The Producers

This is Mel Brooks's best film.


Ferrell is wonderful. Even when the film gets cloying and heavy-handed, his spirited personality and authentic sense of fun almost manage to carry the film through. But even he can't quite keep it afloat amidst the saccharine swamp of the climax. At least his bright spirits shine for most of the way.

American Pie 2

Sprightly, with enough truly amusing gags to keep it going.

Love Happy
Love Happy(1950)

In a way, one can only appreciate this knowing that it is the last film the Marx Brothers ever made together. It gives a touch of poignancy to the sentimental weariness of the Brothers. Chico is touching, perhaps for the only time, waxing nostalgic. It isn't much of a good comedy, but Harpo's turn as the sad clown is beautifully bittersweet. Playing it all out on his harp for the last time in cinema, he tugs at the heartstrings.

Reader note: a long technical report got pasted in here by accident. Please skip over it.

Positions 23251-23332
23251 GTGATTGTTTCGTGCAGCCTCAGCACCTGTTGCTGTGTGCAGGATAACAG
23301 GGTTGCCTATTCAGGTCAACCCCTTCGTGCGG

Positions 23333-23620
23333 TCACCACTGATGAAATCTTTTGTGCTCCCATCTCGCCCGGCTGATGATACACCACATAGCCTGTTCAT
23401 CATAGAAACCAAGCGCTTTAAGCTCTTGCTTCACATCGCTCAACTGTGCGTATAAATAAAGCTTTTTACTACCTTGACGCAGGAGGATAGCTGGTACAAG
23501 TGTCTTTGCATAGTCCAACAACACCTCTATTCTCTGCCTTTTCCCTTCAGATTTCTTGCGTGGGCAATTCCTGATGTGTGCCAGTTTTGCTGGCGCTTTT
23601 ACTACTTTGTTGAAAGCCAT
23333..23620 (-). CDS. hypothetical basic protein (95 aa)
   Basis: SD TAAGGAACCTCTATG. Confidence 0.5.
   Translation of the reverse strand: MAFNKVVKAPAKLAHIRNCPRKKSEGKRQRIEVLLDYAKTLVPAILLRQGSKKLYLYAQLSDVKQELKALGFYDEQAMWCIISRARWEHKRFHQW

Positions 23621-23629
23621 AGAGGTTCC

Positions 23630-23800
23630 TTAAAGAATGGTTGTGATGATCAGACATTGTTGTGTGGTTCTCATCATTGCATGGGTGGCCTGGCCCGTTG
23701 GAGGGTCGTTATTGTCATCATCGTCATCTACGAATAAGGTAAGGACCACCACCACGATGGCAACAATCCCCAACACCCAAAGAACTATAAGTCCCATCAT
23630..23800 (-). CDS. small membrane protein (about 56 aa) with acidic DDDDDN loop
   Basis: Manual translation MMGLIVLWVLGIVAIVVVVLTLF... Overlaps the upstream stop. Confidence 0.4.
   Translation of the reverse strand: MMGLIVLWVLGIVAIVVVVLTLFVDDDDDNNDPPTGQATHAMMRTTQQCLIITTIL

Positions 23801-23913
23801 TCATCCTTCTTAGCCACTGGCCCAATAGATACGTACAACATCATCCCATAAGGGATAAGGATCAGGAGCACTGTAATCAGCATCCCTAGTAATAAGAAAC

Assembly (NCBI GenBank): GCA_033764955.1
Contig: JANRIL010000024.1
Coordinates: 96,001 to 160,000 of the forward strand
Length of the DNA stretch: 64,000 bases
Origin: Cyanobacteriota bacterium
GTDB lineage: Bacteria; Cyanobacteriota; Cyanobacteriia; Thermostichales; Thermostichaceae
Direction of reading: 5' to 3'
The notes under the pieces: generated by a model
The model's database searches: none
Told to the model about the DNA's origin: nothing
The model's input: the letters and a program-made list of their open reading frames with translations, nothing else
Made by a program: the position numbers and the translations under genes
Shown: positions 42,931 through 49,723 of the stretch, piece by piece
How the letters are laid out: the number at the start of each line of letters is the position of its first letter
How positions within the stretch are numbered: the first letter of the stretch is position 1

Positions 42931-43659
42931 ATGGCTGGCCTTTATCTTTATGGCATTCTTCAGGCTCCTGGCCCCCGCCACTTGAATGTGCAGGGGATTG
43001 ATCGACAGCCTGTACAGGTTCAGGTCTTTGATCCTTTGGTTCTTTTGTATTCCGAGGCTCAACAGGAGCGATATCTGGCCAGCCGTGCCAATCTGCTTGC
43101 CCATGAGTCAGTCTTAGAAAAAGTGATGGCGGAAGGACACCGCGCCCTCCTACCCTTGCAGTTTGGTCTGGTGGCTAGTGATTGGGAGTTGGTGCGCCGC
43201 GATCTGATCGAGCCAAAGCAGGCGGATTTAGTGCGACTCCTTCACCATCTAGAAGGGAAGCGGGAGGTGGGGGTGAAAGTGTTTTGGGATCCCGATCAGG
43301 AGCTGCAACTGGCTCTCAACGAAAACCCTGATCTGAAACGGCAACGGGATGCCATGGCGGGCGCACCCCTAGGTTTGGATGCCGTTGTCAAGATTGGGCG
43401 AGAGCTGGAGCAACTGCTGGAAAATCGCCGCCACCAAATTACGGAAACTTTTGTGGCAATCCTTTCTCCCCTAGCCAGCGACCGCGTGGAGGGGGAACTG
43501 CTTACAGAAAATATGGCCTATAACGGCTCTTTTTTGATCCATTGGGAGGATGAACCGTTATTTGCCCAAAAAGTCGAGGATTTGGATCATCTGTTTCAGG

The Holiday
The Holiday(2006)

The Kate Winslet-Jack Black scenes are wonderful. They are the reason to watch this movie. Black's ode to film scores in the video store is magnificent, although the movie regrettably opts for treacle right at the moment when Black was about to sing the best movie theme of all, 'The Mission.' Shame on you for cutting him off like that.

Oh, and it's a joy to see Eli Wallach, even in insubstantial fluff like this.

Wallace & Gromit: The Curse of the Were-Rabbit

Some call this movie 'cute,' as if that were its only merit. They are greatly mistaken; this film is, in fact, extremely clever.

The Time Machine

This is a really entertaining movie. Sure, the plot is absurd. So what? It's a fun ride.